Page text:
You are most likely reading this because you have an upcoming interview and you are doing research on what to expect. Competancy interviews go by many different names like, behavioural or evidence based interviews. They are popular because they easy to arrange and cost effective.
About 10 – 20 years ago, assessment centre interviews seem to grow in popularity and almost replacing competency interviews. However, assessment centre interviews lost their shine because issues surrounding disability bias began surfacing. Along with cost and time required. Now there is a convergence back to competency interview.
What is a competency interview?
In this type of interview you provide examples previous experience or behaviour to demonstrate the competencies required for the role.
Reason for using competency, behavioural, interview
Probably the most common reason, this type of interview is easy to arrange, does not require a lot of staff, and it requires the applicant to demonstrate, by using previous experiences, how they meet the requirements for this role.
Furthermore, this type of interview is ideal for evaluating the applicant’s communication and presentation skills. Along with assessing the applicant’s behaviour, and skills to determine if they will fit with the requirements of the role.
Preparing for a competency interview starts with creating experience database and linking those experiences with the job requirements. An exeprience database means capturing previous experiences and linking those experiences with the role requirements.
As you go through this exercise you will begin noticing a trend and a core of experiences you can draw from for this interview.
Types of Questions
Preparing for an interview means anticipating the questions.
Typically, competancy interview questions start with
- Tell me about time when ….
- Describe to me ….
- How did you ….
- Give me an example
Also, competency-based questions can focus on achievements and how you brought about that achievement.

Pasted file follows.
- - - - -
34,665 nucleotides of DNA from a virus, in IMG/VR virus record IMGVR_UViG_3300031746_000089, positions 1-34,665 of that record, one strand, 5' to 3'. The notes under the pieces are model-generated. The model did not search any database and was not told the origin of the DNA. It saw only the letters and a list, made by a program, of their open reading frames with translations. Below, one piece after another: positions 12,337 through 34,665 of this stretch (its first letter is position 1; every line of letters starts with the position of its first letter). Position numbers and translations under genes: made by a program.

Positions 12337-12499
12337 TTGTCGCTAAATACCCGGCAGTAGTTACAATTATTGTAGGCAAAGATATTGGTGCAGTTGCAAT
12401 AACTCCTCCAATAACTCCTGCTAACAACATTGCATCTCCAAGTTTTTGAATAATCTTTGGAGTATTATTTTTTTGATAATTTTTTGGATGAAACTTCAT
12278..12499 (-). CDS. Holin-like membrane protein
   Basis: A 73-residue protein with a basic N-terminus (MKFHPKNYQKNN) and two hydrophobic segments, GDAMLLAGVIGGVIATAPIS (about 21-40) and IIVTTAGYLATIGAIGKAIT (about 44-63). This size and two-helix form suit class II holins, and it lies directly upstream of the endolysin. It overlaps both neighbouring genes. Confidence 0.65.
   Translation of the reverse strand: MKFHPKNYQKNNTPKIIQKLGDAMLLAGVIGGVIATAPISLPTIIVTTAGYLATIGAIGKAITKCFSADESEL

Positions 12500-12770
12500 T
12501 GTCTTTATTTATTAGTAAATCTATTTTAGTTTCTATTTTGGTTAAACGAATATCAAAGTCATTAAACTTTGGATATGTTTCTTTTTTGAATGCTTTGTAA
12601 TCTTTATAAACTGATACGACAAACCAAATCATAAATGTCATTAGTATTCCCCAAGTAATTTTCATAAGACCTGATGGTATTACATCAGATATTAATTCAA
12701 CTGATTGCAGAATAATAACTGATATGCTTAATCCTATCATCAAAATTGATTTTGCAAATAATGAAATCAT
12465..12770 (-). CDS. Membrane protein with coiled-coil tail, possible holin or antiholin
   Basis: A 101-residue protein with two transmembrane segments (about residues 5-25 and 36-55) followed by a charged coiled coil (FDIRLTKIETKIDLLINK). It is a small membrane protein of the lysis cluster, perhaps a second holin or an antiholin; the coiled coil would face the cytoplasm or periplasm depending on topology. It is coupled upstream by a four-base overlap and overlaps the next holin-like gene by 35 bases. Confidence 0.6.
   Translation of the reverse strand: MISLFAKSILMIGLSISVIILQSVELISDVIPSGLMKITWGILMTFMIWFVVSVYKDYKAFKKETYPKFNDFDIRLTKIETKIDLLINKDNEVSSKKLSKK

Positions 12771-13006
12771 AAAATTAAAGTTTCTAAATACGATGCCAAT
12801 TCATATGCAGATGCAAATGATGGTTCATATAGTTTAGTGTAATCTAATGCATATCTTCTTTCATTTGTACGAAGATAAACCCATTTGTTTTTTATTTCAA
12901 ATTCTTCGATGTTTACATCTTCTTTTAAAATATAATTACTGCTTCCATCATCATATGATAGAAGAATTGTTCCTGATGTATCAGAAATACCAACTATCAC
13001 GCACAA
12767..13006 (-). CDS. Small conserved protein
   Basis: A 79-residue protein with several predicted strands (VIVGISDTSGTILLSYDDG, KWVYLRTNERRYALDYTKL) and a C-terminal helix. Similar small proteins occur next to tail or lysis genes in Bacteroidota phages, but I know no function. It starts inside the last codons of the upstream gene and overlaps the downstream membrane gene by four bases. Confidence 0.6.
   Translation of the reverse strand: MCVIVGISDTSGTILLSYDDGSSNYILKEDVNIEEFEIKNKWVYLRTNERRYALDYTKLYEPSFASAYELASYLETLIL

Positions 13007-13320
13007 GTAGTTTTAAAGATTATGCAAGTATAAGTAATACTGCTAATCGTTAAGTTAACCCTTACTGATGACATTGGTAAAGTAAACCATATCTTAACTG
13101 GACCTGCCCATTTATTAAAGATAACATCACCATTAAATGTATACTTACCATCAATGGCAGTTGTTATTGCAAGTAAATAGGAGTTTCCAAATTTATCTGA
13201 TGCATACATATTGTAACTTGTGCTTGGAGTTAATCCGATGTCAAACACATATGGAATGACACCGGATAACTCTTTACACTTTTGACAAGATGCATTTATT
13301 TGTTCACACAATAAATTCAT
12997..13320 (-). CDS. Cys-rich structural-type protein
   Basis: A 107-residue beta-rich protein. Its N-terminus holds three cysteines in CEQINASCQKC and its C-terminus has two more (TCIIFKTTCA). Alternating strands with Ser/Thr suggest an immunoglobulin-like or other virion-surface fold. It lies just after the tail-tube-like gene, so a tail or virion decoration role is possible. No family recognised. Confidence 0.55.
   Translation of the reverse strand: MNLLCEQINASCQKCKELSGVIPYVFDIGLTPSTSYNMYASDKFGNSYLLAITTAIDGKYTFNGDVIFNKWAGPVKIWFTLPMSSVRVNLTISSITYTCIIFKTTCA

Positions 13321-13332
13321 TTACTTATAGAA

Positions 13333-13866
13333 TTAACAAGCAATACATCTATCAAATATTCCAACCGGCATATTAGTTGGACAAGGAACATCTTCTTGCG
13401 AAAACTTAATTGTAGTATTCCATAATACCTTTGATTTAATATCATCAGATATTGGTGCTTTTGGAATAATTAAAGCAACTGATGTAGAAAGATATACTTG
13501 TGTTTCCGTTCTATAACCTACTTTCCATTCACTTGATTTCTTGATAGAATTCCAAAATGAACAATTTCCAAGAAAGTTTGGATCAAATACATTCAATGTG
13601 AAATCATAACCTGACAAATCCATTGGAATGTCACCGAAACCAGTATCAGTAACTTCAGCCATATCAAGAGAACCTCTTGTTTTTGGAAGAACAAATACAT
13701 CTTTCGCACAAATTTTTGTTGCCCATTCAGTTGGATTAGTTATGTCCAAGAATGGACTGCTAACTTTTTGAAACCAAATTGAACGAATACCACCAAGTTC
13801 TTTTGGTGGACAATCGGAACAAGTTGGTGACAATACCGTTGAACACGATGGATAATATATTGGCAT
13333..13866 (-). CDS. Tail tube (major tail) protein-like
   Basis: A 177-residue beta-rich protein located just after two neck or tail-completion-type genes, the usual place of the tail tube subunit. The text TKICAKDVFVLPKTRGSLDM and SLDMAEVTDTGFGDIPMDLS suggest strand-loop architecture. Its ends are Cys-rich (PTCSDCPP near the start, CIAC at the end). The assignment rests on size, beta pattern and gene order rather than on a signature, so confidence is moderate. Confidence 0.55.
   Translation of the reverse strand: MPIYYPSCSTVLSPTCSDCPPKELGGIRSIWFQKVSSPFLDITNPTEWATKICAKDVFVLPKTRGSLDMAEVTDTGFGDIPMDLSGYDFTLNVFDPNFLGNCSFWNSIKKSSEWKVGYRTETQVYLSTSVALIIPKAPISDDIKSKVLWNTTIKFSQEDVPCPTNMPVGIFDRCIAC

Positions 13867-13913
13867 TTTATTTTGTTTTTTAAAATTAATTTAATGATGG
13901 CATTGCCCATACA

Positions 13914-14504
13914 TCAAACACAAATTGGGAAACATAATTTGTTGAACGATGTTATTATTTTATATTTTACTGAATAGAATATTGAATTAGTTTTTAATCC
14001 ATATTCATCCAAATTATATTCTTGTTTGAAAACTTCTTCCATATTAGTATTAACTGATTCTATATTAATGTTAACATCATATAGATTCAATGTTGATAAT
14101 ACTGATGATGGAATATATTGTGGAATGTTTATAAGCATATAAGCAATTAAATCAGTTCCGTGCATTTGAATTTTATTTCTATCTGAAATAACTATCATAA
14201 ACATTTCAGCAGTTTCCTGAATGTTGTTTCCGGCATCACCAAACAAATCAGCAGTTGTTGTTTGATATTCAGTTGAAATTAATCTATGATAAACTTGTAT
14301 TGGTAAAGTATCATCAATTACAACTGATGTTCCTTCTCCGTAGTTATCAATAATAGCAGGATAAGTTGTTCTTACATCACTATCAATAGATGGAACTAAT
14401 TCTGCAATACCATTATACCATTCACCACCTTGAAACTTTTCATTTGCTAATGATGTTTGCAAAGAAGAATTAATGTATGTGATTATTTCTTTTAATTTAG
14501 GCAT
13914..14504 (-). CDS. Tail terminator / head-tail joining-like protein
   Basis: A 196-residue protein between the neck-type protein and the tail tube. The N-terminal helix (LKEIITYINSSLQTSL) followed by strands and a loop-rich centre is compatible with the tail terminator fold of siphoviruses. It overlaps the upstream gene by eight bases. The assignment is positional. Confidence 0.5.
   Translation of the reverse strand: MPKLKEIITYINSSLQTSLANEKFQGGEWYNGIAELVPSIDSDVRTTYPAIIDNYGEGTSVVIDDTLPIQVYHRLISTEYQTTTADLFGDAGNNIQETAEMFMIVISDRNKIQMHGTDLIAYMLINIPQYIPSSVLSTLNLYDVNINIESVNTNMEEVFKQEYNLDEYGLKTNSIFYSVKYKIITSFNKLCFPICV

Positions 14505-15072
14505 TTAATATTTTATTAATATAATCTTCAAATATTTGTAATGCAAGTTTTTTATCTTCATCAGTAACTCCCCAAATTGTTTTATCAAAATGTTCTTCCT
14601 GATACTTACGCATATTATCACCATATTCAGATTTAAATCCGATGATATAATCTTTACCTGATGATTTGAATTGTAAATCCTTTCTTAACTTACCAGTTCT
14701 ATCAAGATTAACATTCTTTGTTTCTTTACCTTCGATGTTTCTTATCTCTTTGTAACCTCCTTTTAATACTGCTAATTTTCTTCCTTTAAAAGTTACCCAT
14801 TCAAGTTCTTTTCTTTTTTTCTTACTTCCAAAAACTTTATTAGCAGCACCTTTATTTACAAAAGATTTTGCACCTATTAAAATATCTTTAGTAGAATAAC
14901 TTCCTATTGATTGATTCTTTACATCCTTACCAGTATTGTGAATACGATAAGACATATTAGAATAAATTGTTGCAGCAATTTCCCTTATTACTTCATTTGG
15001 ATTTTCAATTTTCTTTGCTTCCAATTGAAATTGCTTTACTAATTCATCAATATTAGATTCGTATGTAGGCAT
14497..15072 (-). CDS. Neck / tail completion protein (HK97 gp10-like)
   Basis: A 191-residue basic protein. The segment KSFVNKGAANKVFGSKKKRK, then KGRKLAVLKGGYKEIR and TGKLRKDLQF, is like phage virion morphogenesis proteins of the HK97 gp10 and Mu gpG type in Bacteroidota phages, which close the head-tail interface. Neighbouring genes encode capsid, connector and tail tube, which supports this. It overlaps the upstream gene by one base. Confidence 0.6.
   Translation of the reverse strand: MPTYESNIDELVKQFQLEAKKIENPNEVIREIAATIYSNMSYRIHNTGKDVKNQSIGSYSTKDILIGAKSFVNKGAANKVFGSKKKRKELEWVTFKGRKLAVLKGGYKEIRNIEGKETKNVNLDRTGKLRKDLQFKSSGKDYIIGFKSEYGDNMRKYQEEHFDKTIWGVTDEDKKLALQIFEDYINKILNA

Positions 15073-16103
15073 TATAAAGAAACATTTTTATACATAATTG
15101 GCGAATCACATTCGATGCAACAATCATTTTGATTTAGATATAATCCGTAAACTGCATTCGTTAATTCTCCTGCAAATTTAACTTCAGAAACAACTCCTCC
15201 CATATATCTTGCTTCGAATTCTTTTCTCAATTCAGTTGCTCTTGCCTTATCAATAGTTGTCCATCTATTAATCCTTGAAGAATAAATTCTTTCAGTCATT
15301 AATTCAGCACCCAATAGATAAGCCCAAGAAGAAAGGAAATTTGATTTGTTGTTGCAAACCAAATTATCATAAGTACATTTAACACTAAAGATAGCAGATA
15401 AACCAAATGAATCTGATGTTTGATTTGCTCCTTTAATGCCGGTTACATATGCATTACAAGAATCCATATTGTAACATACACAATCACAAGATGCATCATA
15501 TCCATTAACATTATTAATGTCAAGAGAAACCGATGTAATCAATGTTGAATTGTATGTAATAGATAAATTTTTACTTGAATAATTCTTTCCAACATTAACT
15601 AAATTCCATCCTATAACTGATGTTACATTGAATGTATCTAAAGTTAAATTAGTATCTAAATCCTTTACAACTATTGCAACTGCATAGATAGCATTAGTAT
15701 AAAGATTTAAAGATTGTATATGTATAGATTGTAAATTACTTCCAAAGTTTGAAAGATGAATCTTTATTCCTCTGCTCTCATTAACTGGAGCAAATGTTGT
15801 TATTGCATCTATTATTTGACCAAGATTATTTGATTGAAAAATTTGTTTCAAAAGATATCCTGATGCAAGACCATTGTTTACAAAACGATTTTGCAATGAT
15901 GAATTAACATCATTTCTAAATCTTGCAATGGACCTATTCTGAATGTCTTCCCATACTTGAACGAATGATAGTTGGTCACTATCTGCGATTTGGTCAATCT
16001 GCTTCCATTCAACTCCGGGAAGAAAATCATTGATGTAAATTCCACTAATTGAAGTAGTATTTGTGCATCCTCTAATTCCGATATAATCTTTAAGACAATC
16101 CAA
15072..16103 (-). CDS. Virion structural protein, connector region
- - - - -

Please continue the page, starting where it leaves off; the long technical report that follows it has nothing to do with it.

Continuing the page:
Answering a competancy question
Answering is like telling a story. There is a beginning, a middle, and the end. Unlike telling a story you will have are two competing requirements. One requirement is to provide detail. However, there will be a competing demand, being concise.
You can search and find endless recommendations for answering competency type of questions. From my experience, I find
- Setting the scene by telling what you were asked
- Next, talking about the steps you took. Including any challenges, you faced and how you overcame them.
- Result, of what you did
- Outcome, what you learned and what you would do differently if you did it again.
Reality, interviewers know experiences are not perfect and there are a few ‘hiccups,’ along the way. Adding the ‘hiccups,’ adds to the story and demonstrates your softer skills, like communication and team working.
So, don’t sanitise the story but at the same time don’t lie or stretch the truth to make your story more interesting.
Selecting the experience
In the above section I talk about how to structure your reply and the elements your reply should have. This raises the question, what experience should you include? Look for experiences that,
- Relates to your current role. Avoid using personal experiences or volunteering experiences. Also, if you need to draw from a previous role, you should go back no more than 3 years.
- Experiences, that were not easy. The experience drew up your passion for your role, where you were a leader and delivered.
- Experiences that were learning experiences for you and you made changes because of it.
- Look for accomplishments but also, something that went bad that is a learning experience for you.
At the interview
You can spend hours rehearsing questions but there are limits. Rehearsing will get you comfortable answering questions, but it will not help you if you have not seen the question.
So how do you prepare for the unknown?
Learn the job requirements and person specifics for the role. These, will be listed in the job advertisement and the questions will come from the job advert.
Prior to the interview you should identify 3 experiences that you can use. When you were working on your experience database and matching your experiences to the role, you will notice probably 3 – 5 experiences that strongly relate to the role. Choose three of them and work through them using the above approach for answering questions. By having three experiences that you know well and relate to the role being advertised, you can draw on them to answer any question.
Competency interviews are nothing to fear. Once you get some practice and remember to provide a complete answer, answering competency type questions will be easy. Remember Exclusive Career Advice is here to help you and can help you prepare for your next interview. Questions? Please use the contact form or use our contact us page.